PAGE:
Breach is really good at using util on the fly based off of info your team gets, so someone can spot an angle, and a Breach is ready to stun/flash that angle for them based off that.

– Michael “Mikes” Hockom, VALORANT Coach and Analyst
Team Viking’s Gustavo “Sacy” Rossi follows up on Matias “Saadhak” Delipetro information and assists with Fault Line.

Small plant sites

I mean he is just perfect for fracture. His ult covers all the site. His explosion covers all the tunnels and halls.

– Daniel “Yaotzin” Roczniak, Coach and Analyst for NOM Esports

Breach’s Rolling Thunder is a powerful ultimate that can upend an entire point. One major drawback is that it is finite. Skye’s ultimate can extend to the entire map, and Sova’s ultimate can extend through walls and can ping enemies. This makes them more well-suited for open sites, sniffing out stranglers and would-be lurkers.

Enter: Fracture.

Breach is really good on fracture to start defensive rounds with the stun so you can deny one of the areas on the map to try to get a decent fight. The ults also just cover the entire sites for attack, just pretty easy to get value out of Breach on Fracture.

– Michael “Mikes” Hockom, VALORANT Coach and Analyst

With such tight compact sites, taking, re-taking and defending sites are much easier. You don’t need information when you can just blast an entire site and then punish any lingerers.

Fracture B Side | Riot Games

He’s always been one of my favorite, especially on maps where he can affect areas that would take a bit to reach by running but can go through walls.

– Stephanie “Missharvey” Harvey, Director of Development at CLGaming and VALORANT Caster.

Caught in the landslide

Fracture was only part of his pick rate jump though. So what explains his other jumps in play?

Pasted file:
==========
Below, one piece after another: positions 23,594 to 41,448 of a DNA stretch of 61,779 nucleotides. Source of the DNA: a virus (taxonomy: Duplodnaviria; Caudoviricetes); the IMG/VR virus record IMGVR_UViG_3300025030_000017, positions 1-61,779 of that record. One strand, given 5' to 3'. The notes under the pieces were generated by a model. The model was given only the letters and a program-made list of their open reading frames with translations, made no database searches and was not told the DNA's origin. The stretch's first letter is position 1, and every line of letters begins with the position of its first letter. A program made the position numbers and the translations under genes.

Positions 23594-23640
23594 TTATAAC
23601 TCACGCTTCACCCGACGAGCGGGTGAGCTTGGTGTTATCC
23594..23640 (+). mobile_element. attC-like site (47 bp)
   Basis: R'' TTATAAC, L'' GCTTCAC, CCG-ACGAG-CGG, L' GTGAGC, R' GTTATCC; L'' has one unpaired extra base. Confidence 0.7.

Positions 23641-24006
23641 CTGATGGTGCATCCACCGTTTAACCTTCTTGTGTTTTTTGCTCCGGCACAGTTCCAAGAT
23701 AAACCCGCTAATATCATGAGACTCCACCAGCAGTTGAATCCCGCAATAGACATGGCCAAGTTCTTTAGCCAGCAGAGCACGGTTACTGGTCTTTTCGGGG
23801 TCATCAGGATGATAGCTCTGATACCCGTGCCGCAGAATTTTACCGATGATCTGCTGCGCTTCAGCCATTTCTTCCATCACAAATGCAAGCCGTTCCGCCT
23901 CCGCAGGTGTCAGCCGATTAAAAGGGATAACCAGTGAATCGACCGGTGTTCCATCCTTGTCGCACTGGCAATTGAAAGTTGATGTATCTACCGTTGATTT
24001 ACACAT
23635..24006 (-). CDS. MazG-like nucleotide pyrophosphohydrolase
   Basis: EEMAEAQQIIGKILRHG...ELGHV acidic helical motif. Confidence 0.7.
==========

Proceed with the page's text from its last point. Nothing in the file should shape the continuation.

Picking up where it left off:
Well, all the reasons have already been listed:

  • Large ultimate size for smaller points
  • Thriving on walls and corners
  • Quick follow-up

And now consider the two maps where he saw the most growth, after Fracture: Haven and Split. Both maps feature narrow corridors and several walls that Breach and can take advantage of.

X10 Crit’s Thanamethk “Crws” Mahatthananuyut clutches against Team Envy on Split
Vision Striker’s Goo “Rb” Sang-min exhibiting pressure on Haven

On Haven, Breach nearly matched Skye’s pick rate, (Breach: 50%, Skye: 58%), while on Split, he trailed behind (Breach: 41%, Skye: 55%). So it’s clear that teams are really starting to feel out how his role on these maps. And with Fracture in the mix, Breach may see a resurgence coming into VCT 2022.

So, is Breach the next Astra or Sova? Probably not. However, his role allows him to act as a foil to Skye, letting him fulfill her role while also catching players in usually safe spots. His unique ability to send utility through walls makes him uniquely qualified to follow up on team information, catching would-be survivors in a kinetic trap. And with Fracture now in play, it seems as though our Swedish vault-breaker has once again found the ultimate prize: pro-play viability.

Stay tuned to Run It Back for more breaking news as VCT 2022 approaches!